Where are you losing fuel and why it matters...

Site managers face many challenges on a daily basis – From balancing inventory from tanks to reconciling sales and calculating deliveries, retail forecourts demand effective management practices. How do we juggle all these time-consuming tasks whilst maintaining a streamlined forecourt and control over our wetstock and site operations?

Identifying and addressing fuel losses play a critical part in the successful management of a forecourt. In our Blog series - The Journey to Forecourt Automation - we'll explore the importance of reconciliation of wet stock and site activities, where, how and why fuel losses occur and the effect of these losses on your bottom line.

We specifically explore various forecourt architectures and provide tools and tips to reconcile variances through manual and automated solutions, as well as provide our recommendations for effective wetstock and site control practices.


How much are fuel losses costing you?

Cost of Fuel Loss





















Where do fuel losses occur?

Tank calibration, delivery shortages and temperature changes have the largest impact on variance whilst meter over-dispensing presents the most immediate savings.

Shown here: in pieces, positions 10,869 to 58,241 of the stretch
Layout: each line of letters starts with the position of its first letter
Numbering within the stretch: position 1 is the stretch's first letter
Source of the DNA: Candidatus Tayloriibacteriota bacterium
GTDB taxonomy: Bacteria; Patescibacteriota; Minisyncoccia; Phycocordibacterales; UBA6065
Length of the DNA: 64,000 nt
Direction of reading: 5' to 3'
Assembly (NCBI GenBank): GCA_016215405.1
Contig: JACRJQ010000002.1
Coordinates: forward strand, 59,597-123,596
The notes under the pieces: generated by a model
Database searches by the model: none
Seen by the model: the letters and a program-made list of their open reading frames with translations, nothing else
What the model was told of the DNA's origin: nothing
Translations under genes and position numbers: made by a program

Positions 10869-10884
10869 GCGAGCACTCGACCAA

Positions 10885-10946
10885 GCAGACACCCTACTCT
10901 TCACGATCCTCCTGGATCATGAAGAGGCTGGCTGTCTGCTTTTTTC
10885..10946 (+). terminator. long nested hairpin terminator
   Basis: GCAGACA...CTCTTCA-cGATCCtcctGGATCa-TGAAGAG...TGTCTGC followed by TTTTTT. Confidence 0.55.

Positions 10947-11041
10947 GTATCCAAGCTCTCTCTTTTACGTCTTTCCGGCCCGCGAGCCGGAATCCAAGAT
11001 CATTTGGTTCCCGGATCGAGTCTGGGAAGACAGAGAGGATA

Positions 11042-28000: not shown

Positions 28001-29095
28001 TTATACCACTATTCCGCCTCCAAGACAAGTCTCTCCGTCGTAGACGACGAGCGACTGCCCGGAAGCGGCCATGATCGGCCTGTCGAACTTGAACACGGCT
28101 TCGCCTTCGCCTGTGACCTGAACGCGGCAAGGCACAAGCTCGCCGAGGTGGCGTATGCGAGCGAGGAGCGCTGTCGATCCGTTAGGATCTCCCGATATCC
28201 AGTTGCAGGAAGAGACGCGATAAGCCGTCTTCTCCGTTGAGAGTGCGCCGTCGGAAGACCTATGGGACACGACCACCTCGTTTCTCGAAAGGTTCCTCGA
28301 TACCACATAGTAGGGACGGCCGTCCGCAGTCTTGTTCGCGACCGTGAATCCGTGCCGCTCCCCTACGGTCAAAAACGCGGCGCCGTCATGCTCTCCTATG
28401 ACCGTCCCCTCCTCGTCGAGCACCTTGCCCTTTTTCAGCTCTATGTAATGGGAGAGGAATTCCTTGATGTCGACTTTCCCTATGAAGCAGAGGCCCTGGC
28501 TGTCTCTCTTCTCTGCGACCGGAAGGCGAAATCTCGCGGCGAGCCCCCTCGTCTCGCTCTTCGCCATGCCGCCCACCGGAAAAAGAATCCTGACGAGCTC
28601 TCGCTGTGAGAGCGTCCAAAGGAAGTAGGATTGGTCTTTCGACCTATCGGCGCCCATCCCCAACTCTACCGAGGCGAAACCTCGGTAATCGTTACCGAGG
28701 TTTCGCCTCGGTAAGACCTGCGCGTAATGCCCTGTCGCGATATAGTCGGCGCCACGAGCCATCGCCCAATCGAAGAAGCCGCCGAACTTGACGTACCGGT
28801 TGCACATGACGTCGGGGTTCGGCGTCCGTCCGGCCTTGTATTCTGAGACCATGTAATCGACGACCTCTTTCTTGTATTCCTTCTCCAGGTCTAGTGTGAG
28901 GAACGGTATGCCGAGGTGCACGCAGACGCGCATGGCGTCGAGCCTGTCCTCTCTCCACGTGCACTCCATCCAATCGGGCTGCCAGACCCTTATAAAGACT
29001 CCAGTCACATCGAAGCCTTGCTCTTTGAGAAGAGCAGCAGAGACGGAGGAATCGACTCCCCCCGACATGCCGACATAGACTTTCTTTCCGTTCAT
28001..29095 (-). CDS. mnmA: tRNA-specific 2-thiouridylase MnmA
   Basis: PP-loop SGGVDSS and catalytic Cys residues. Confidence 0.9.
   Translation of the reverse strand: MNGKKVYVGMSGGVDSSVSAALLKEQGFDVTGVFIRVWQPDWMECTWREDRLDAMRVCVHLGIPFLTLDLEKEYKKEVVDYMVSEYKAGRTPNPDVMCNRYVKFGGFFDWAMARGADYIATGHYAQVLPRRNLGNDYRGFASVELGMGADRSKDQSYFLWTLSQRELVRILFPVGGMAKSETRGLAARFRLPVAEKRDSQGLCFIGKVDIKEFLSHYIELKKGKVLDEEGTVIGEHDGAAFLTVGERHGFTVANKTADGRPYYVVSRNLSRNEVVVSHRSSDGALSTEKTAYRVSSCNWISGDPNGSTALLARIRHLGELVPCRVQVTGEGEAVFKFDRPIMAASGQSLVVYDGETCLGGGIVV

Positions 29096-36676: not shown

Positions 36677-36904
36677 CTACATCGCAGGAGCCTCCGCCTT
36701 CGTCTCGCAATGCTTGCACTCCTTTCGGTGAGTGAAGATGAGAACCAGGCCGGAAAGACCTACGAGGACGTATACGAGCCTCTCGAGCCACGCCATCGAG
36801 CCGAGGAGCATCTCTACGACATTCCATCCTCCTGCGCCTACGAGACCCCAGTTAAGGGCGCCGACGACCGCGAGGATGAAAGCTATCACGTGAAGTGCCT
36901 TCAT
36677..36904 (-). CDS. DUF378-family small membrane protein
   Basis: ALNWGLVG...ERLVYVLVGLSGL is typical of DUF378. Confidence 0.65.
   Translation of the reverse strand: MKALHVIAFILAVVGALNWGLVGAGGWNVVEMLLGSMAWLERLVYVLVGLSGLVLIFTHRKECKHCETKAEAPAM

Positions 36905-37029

Forecourt Fuel Losses


1. Delivery Discrepancy

Do you know if all the fuel in the delivery truck made its way into your storage tank? What is your process for confirming bill-of-lading accuracy?  Protecting your fuel assets to ensure you’re getting what you pay for is crucial for reducing fuel loss from delivery discrepancy. So how do you ensure there is an accurate record of delivery data to reduce loss?


Automatic Tank Gauging systems have become a staple for every fuel site operator. Not only does it facilitate easy fuel ordering by providing real-time details of delivery start and end times which is crucial to effectively address delivery discrepancies, it also eliminates dipstick reading errors.


2. Loss of Temperature